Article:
An FBI agent tracks a serial killer with the help of three of his would-be victims - all of whom have wildly different stories to tell.
It's always captivating when information is revealed the way this film does. Three victims are interviewed by the cops; three different perspectives are intertwined; and then the audience is left to put the pieces together. The performances are strong across the board, all accessories to driving the speeding tension. A riveting story, twisted narrative and sadistic characters make "Surveillance" an engrossing thriller.
What Maisie KnewAnne Murphy
In New York City, a young girl is caught in the middle of her parents' bitter custody battle.
The protagonist is a six year old and we see only what she witnesses and we hear only what she does. Both her resilience and her fragility are apparent. "What Masie knew" is loaded with emotion and doesn't sink into sentimentality; the tone is delightfully precocious in this uncommonly well-crafted movie. The narcissism of some of the adults comes off as brat-like, their poor behaviours glaringly transparent in contrast to the more opaque and thoughtful attitude of the child. Wise Masie.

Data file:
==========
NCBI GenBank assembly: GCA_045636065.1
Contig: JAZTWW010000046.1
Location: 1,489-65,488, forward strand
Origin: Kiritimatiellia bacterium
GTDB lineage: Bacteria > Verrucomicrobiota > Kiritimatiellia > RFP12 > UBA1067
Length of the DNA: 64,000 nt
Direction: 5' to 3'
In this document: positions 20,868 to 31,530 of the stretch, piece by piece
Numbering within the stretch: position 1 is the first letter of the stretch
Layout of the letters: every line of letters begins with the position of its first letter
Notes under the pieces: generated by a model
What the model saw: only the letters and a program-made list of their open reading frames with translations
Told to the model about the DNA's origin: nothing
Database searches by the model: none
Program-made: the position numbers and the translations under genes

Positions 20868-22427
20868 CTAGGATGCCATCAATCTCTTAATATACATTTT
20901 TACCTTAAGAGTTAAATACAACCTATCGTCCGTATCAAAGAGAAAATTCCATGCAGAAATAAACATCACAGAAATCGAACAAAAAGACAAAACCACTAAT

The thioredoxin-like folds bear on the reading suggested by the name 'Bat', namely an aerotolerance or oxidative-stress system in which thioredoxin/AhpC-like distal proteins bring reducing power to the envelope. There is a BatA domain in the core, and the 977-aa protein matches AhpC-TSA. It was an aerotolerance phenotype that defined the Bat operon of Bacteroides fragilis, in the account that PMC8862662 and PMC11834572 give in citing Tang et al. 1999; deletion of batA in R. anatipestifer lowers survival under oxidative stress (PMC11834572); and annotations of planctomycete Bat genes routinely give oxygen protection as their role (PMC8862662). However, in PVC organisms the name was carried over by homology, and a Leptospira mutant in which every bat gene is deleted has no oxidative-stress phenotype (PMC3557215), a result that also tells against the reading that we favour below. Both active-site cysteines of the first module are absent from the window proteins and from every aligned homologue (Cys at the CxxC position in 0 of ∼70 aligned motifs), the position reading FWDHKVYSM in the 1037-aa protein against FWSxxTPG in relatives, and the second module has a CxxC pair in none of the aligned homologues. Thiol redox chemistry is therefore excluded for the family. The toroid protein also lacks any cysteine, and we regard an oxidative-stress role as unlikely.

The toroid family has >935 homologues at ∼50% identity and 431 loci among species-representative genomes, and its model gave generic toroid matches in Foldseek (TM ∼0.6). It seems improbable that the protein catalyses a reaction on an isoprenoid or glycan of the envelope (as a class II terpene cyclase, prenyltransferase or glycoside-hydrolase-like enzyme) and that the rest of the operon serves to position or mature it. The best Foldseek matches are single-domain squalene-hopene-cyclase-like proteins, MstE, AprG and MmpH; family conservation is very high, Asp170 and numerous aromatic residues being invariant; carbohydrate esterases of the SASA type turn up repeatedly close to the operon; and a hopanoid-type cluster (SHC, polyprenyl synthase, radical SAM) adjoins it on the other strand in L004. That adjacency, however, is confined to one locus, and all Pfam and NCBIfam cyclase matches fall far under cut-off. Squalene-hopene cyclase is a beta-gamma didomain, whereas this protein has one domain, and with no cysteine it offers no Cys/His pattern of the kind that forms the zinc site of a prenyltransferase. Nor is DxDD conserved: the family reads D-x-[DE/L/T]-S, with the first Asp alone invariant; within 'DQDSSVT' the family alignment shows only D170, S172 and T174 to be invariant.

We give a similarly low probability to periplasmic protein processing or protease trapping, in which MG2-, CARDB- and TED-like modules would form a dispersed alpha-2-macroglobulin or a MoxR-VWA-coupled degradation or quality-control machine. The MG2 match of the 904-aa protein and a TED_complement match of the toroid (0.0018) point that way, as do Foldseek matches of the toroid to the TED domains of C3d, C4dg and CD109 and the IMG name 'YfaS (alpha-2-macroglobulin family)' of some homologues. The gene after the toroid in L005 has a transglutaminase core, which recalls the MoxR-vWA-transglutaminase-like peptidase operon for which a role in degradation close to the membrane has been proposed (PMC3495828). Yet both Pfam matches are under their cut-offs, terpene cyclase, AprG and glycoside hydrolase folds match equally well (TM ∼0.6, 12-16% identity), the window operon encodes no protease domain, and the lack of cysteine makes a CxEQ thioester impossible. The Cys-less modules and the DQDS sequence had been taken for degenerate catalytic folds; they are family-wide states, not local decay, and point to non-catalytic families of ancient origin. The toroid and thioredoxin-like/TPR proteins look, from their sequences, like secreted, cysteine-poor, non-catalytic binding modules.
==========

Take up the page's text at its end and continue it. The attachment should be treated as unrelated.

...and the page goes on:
Fledgling writer Briony Tallis, as a 13-year-old, irrevocably changes the course of several lives when she accuses her older sister's lover of a crime he did not commit.
"Atonement" is a love story torn by unfortunate circumstance. Briony's interpretation of events are marred by jealously, and cleverly presented in a style that shows the points of view of all involved. These key events play alongside a beautiful score, complete with resounding keys of a type-writer that haunts throughout. This film is a timeless period piece and an admiral adaptation that shows the power of the written-word.
Looking for EricAnne Murphy
Eric, a postman whose life is descending in to crisis, receives some life coaching from Eric Cantona.
For the most part, the tone of "Looking for Eric" has a steady down beat of realism as individuals within a loosely connected family tackle emotional issues including loss and depression. The cast extends beyond family to encompass important relationships with friends, heroes, and deadbeats. The plot is refreshingly unpredictable with a triumphant, if somewhat incongruent, conclusion tacked on. All is forgiven as the credits roll... the audience feels good and Eric may have found what he was looking for.